“La La Land” – the Painful Price of Dreams – Review

La La Land




“La La Land” is a film which in the vehicle of a Hollywood musical carries a truly dramatic story about a clash between dreams and hard reality. It does not allow the viewer to achieve the desired solace. On the contrary, it confronts him with a difficult question whether he can make a choice between love and life fulfillment.

“La La Land” – why a musical?

After the brilliant “Whiplash”, which oscillated around the independent cinema, Damien Chazelle unexpectedly reached for a musical – a genre which on one hand is considered to be dead, but on the other is considered to be the quintessence of the Hollywood vision of the world. Certainly, “there is a method in this madness”, as the director refers to this convention and communicates with the audience on several levels. Undoubtedly, Chazelle likes to tell the world through the language of music, which he proved in “Whiplash”. The music is a universal message, understandable in every geographic latitude, and additionally juxtaposed with the image, it builds a vision that is universal and at the same time extremely affecting to human emotions.

“La La Land” draws on the most classic model of a musical, i.e. “great love story” from the 40’s and 50’s. There is a clear division of the world into the spheres of women and men. The love of a couple in love goes through many adventures, but it is devoid of the carnal aspect. There are no erotic scenes in “La La Land”. In many aspects, the characters seem outdated, like characters taken out of old romances. Mia (Emma Stone) is a girl who dreams of an acting career, Sebastian (Ryan Gosling) wants to win people’s hearts with his jazz compositions. Both are beautiful and innocent dreamers, and their mutual love fuels the pursuit of their desires.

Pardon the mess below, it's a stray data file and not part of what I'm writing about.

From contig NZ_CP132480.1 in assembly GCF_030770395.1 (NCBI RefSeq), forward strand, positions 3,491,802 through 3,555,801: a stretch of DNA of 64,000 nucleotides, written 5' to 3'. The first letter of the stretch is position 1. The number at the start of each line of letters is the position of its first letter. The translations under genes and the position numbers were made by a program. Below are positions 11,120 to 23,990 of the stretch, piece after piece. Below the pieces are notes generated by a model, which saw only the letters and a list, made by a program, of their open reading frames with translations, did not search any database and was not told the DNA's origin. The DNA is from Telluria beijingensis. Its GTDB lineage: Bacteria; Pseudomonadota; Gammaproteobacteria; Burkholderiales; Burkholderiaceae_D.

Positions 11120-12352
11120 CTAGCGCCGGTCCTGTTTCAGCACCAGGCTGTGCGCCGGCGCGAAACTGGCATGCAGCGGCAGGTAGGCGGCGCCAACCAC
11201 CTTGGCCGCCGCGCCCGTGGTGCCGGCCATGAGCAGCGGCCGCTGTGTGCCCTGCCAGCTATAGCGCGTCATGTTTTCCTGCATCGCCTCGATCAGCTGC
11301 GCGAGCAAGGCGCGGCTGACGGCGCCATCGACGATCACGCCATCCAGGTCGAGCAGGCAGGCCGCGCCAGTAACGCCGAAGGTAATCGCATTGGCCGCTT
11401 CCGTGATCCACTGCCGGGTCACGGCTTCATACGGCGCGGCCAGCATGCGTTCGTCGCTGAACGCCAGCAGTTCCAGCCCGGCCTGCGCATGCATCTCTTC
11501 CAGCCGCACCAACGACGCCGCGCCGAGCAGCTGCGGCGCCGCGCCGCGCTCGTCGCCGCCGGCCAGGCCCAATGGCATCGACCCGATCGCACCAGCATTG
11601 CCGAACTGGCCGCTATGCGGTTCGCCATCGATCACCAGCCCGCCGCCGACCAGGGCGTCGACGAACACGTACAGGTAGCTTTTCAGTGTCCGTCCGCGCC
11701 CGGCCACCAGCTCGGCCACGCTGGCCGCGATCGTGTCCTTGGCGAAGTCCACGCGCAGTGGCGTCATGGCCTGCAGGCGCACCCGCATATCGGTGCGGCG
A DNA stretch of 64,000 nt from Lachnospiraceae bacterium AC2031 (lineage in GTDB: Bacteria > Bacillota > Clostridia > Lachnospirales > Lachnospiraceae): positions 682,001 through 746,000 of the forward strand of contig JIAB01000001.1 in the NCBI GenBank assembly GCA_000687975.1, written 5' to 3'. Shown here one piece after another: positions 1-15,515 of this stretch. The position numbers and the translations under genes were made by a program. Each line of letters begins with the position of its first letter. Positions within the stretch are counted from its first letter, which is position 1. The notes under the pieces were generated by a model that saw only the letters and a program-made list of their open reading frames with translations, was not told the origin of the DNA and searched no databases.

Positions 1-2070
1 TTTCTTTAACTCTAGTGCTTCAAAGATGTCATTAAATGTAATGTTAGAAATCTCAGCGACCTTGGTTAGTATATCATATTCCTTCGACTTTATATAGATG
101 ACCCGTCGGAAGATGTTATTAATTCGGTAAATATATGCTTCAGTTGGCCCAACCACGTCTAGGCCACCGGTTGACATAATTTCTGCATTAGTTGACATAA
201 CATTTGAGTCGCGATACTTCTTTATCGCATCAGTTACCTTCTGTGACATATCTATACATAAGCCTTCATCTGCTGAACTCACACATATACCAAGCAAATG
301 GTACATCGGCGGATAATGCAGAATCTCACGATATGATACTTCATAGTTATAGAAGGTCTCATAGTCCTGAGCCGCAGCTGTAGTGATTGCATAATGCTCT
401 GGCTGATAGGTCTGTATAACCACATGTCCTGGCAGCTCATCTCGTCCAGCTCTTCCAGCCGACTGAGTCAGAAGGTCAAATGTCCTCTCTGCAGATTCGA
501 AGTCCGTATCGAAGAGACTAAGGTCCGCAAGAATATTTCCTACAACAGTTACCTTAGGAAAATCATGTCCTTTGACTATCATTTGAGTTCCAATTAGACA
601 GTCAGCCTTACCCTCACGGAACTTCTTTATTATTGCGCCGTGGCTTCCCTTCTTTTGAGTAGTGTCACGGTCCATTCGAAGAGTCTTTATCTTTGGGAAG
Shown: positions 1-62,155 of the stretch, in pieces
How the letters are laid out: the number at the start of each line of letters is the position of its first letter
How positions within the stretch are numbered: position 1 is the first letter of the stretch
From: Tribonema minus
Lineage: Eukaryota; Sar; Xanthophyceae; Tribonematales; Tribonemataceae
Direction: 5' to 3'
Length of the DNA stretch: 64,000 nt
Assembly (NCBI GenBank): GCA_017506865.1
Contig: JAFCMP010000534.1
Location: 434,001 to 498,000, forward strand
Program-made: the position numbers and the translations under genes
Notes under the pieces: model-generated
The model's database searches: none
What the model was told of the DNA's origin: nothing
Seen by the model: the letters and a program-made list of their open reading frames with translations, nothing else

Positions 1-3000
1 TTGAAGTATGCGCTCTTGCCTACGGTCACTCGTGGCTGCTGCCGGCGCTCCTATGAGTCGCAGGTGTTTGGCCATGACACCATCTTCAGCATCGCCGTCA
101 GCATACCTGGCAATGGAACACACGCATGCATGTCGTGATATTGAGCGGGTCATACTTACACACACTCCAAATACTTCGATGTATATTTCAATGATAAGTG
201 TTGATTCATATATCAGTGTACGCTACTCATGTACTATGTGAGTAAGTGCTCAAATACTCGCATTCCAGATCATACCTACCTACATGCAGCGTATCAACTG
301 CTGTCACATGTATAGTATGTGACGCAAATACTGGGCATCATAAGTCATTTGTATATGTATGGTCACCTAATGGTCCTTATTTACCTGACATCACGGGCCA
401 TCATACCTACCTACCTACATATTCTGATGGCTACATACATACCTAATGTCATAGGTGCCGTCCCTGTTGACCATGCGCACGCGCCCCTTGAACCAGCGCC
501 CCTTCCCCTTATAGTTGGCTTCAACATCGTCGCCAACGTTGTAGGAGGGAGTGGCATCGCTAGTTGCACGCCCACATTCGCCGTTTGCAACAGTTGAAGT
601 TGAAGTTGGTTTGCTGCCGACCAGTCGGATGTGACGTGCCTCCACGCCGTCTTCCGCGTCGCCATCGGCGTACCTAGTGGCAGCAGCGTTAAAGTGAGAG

La La Land movie review

The entire world depicted is similarly vibrant with color, full of airy dresses and picturesque urban scenery. Chazelle winks at the viewer, consciously constructing a candy-colored, almost unreal space to show that it is as beautiful as it is false. It is the realm of an idealized Dream Factory, dreams of fame and eternal love. Thus, “La La Land” exploits the musical vision of the world not to resurrect it, but to bring out its cinematic aspects and at the same time confront it with the common knowledge of the rules of life.

“La La Land” – “Though I speak the tongues of men and angels, and love I would not have….”

“La La Land” paradoxically does not situate itself far from the film “Whiplash”. On the contrary, the director develops in it a theme that was only hinted at in the previous work. Let us recall that the protagonist of “Whiplash”, a young drummer, in order to achieve perfection in what he does, sacrifices his entire private life. He also rejects the affection of a girl who is clearly interested in him. The same happens in “La La Land”. The heroes in the professional sphere achieve everything – Sebastian opens his dream jazz club, and Mia becomes a famous film star. This is where the traditional musical ends, but the “happily ever after” scenario does not come true for the characters of “La La Land”. For it turns out that the price for the fulfillment of dreams is extremely high – the characters lose their affection, and their fates will go on separately. When I looked at this sad ending to a Disney story, I thought of Hymn to Love – “Though I speak with the tongues of men and angels, and have not love, I am nothing”. And perhaps this is how the finale of “La La Land” should be read – truly pathetically: love is the highest value, which cannot be renounced for anything.

La La Land film analysis

I think, however, that Chazelle complicates the meaning of his work. Here we see an alternative version of the ending – Mia and Sebastian stay together, instead of obsessively taking every chance to make a career, they care about their feelings. In the finale, they sit huddled in a music club – not as stars, but a couple of ordinary viewers. They do not achieve their goals, they have “only” love. Would they really be happy then? To what extent are we what we dream of and what can we sacrifice for it? Is love really the most important sphere of life? Or maybe the director is comparing human fate to an ancient tragedy (incidentally, he refers to this model, dividing the plot into successive acts) – we always have to choose, but the necessity of choice brings with it the necessity of loss. Perhaps it is impossible to go through life without suffering without inflicting pain? In this ambiguity, and even a certain perversity, lies the greatness of “La La Land”.